Hazardous Weather Outlook
Issued by NWS Springfield, MO

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FLUS43 KSGF 250949

Hazardous Weather Outlook
National Weather Service Springfield MO
449 AM CDT Tue Apr 25 2017

St. Clair-Hickory-Camden-Pulaski-Phelps-Barton-Cedar-Polk-Dallas-
449 AM CDT Tue Apr 25 2017

This Hazardous Weather Outlook is for portions of the Missouri
Ozarks and extreme southeast Kansas.

.DAY ONE...Today and Tonight.

Weather hazards expected...

  Elevated Hail risk.
  Elevated Thunderstorm wind damage risk.
  Limited Flooding risk.
  Significant Lightning risk.
  Limited Non thunderstorm wind risk.


  Southerly wind gusts of 30 to 40 mph can be expected from
  mid-morning through this afternoon.

  Thunderstorms will develop early this evening across
  eastern Kansas and northeastern Oklahoma. This activity is
  expected to form into a broken line of thunderstorms which
  will then track east across portions of the outlook area
  later tonight. The leading edge of these thunderstorms will
  likely reach the U.S. 65 corridor after midnight.

  Moderate amounts of instability and wind shear will result
  in a threat for strong to severe thunderstorms, especially
  west of a Warsaw to Bolivar to Monett line. Damaging wind
  gusts over 60 mph and hail up to the size of half dollars
  will be the primary severe weather threats.

  Frequent lightning and locally heavy rainfall can also be
  expected with these storms. There will be a limited risk
  for flooding over locations that receive multiple rounds
  of thunderstorms overnight across western Missouri and
  southeastern Kansas.

.DAYS TWO THROUGH SEVEN...Wednesday through Monday.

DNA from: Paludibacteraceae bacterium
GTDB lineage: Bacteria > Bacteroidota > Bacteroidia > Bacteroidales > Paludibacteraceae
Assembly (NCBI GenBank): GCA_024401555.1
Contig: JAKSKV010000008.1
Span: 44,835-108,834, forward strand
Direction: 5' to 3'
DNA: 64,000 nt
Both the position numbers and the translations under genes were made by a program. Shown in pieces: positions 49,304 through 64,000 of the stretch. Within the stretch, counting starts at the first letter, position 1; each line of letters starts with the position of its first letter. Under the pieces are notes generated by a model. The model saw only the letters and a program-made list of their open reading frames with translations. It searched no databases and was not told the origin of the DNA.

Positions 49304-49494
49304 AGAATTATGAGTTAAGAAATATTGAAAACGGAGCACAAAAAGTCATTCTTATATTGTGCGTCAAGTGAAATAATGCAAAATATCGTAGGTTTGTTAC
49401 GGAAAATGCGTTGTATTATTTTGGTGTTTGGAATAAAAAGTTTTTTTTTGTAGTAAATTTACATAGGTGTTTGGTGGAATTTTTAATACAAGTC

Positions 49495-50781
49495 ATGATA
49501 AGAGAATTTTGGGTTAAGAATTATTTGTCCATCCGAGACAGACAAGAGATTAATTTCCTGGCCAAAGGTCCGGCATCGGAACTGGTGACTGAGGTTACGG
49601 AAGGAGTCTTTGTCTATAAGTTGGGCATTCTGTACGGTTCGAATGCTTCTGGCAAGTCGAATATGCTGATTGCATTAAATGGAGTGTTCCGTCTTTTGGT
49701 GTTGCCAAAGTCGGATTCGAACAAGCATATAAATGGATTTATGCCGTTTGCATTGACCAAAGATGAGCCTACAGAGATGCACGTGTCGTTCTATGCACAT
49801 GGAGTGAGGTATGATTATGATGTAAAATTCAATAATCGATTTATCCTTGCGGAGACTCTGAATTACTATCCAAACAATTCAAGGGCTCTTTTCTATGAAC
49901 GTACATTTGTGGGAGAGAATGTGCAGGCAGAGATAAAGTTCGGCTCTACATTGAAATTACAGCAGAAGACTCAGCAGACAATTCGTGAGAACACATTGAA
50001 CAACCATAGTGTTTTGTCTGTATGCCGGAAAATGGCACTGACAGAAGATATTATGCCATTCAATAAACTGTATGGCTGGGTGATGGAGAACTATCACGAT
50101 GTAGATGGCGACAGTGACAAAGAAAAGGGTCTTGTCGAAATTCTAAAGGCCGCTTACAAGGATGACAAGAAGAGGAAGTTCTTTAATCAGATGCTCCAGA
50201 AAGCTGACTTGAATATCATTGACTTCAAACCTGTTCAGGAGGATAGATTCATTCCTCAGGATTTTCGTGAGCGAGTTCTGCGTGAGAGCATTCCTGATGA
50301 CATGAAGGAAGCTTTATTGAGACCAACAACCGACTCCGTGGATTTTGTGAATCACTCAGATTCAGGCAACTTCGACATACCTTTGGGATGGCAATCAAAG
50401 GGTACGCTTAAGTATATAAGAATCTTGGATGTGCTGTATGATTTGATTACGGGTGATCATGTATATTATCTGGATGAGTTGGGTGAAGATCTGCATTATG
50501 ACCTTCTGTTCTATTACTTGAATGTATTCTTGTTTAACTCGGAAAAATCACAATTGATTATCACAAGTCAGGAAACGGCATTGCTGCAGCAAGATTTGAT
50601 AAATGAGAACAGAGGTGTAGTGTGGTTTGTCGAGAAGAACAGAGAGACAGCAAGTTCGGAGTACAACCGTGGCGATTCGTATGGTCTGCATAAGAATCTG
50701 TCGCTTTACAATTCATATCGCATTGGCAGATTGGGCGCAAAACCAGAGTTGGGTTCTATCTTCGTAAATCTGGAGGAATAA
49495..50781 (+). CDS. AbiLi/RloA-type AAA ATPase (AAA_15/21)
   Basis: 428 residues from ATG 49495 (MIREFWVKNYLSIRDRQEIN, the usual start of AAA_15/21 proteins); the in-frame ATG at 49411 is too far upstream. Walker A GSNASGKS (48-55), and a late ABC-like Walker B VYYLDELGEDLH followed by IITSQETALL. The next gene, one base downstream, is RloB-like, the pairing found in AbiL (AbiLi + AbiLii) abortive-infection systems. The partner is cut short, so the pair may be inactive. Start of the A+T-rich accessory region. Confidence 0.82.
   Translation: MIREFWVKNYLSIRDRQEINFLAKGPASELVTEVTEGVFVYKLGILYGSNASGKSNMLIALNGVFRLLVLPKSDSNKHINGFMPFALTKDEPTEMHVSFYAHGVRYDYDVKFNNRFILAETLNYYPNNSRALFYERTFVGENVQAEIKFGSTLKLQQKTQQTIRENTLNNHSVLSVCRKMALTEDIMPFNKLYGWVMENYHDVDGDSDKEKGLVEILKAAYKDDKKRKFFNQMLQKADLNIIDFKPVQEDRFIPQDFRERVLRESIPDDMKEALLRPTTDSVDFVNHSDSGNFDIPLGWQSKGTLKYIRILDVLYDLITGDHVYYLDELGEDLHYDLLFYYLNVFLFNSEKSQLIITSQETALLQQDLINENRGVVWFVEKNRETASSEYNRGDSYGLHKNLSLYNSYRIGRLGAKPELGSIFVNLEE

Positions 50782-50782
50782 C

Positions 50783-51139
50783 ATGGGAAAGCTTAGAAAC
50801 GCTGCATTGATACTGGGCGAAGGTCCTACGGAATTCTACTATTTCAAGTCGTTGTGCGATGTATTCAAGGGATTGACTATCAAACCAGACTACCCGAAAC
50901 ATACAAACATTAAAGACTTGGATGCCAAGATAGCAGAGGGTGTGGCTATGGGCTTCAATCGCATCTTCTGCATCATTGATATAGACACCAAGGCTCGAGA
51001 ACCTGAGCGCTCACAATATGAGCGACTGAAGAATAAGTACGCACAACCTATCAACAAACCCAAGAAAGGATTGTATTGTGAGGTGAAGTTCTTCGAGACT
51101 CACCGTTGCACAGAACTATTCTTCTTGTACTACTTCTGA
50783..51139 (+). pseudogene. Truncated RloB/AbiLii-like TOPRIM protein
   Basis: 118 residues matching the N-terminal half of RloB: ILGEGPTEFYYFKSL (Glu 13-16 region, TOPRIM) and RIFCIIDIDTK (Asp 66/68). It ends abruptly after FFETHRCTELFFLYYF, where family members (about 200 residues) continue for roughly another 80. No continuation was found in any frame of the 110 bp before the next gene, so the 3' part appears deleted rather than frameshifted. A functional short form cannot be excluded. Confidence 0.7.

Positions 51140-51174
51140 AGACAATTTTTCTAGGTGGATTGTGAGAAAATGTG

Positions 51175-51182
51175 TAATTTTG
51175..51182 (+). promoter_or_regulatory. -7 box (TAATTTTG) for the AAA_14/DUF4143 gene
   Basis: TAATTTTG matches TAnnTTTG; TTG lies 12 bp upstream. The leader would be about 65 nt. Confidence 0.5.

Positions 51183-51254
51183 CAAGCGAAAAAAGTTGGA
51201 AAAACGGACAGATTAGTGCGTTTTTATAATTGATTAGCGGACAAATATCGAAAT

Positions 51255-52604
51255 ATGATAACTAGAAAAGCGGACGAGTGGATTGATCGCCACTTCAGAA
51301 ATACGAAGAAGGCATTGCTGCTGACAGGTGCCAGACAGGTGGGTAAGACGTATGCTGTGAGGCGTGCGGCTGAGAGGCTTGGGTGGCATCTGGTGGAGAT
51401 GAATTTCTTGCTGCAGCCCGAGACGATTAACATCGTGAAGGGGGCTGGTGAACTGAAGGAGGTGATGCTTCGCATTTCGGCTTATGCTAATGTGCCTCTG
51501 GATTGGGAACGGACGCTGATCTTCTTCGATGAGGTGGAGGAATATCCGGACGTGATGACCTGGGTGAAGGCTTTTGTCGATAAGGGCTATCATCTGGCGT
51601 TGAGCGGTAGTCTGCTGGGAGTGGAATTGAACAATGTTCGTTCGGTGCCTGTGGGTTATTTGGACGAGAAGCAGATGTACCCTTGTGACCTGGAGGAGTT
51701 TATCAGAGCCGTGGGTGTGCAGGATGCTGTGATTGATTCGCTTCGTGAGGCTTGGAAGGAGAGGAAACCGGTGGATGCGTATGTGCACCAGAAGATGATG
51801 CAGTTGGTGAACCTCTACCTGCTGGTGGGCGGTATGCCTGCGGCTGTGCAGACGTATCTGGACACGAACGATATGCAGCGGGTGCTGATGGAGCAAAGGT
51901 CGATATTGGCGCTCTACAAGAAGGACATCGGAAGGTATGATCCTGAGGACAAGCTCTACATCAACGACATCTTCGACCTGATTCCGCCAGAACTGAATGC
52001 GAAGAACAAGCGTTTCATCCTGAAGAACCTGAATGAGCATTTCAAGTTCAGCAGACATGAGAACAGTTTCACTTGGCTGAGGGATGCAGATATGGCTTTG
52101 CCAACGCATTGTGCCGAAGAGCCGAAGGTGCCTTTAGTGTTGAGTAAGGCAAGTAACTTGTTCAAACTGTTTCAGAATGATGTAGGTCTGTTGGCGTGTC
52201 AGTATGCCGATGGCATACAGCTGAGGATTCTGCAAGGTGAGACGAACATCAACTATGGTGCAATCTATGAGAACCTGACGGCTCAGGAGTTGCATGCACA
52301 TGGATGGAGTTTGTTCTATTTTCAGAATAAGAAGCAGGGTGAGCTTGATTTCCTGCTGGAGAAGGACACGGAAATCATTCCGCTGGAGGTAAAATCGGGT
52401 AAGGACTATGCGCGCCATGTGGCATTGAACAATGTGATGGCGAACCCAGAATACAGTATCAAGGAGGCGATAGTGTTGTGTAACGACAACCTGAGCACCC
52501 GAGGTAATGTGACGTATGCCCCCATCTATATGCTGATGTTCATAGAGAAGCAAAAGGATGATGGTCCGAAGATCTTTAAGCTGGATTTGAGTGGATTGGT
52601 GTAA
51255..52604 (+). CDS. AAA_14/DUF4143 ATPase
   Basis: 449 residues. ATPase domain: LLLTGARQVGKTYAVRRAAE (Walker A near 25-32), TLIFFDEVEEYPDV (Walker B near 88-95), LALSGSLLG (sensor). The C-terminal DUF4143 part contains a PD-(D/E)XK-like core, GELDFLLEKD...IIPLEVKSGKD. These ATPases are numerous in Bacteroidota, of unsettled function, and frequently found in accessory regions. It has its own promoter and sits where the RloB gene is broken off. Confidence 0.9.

The threat for severe storms will then continue into
  Wednesday and Wednesday evening, especially along and east
  of a Rolla to Ava to Branson line. The threat for severe
  storms will be highly dependent on how much thunderstorm
  activity occurs tonight, and whether or not this activity
  reaches the eastern Missouri Ozarks Wednesday morning.

  If thunderstorms reach the eastern Ozarks by Wednesday
  morning, the threat for severe storms may diminish for
  the remainder of Wednesday. However, if thunderstorms
  remain absent tonight and Wednesday morning across south-
  central Missouri and the eastern Ozarks, there will be
  an elevated threat for severe storms Wednesday afternoon
  and evening. Damaging winds and large hail would be the
  primary potential hazards across the eastern Ozarks,
  with a limited threat for a tornado or two. A limited
  risk for flooding will also exist on Wednesday generally
  along and east of the U.S. 65 corridor.

  Confidence then continues to increase in the potential for
  widespread heavy rainfall from later Friday into the weekend.
  With soils nearly saturated, excessive runoff will be likely and
  will lead to an increasing risk for flooding. While details
  remain unclear regarding where the eventual axis of heaviest
  rainfall will develop, it does appear that widespread flooding
  will become possible beneath this axis of heaviest rainfall.

  Additionally, there will be at least a limited risk for
  strong to severe thunderstorms from Friday into Saturday
  across southern Missouri.

  Those with outdoor and travel plans for this upcoming
  weekend should pay close attention to the forecast as there
  is the potential for multiple weather hazards, including
  the potential for widespread flooding.


  Spotter activation may be needed this evening and overnight
  tonight across western Missouri and extreme southeastern


More detailed information can be accessed at:

This product in graphical format...along with other weather...
hydrological and climate information...at



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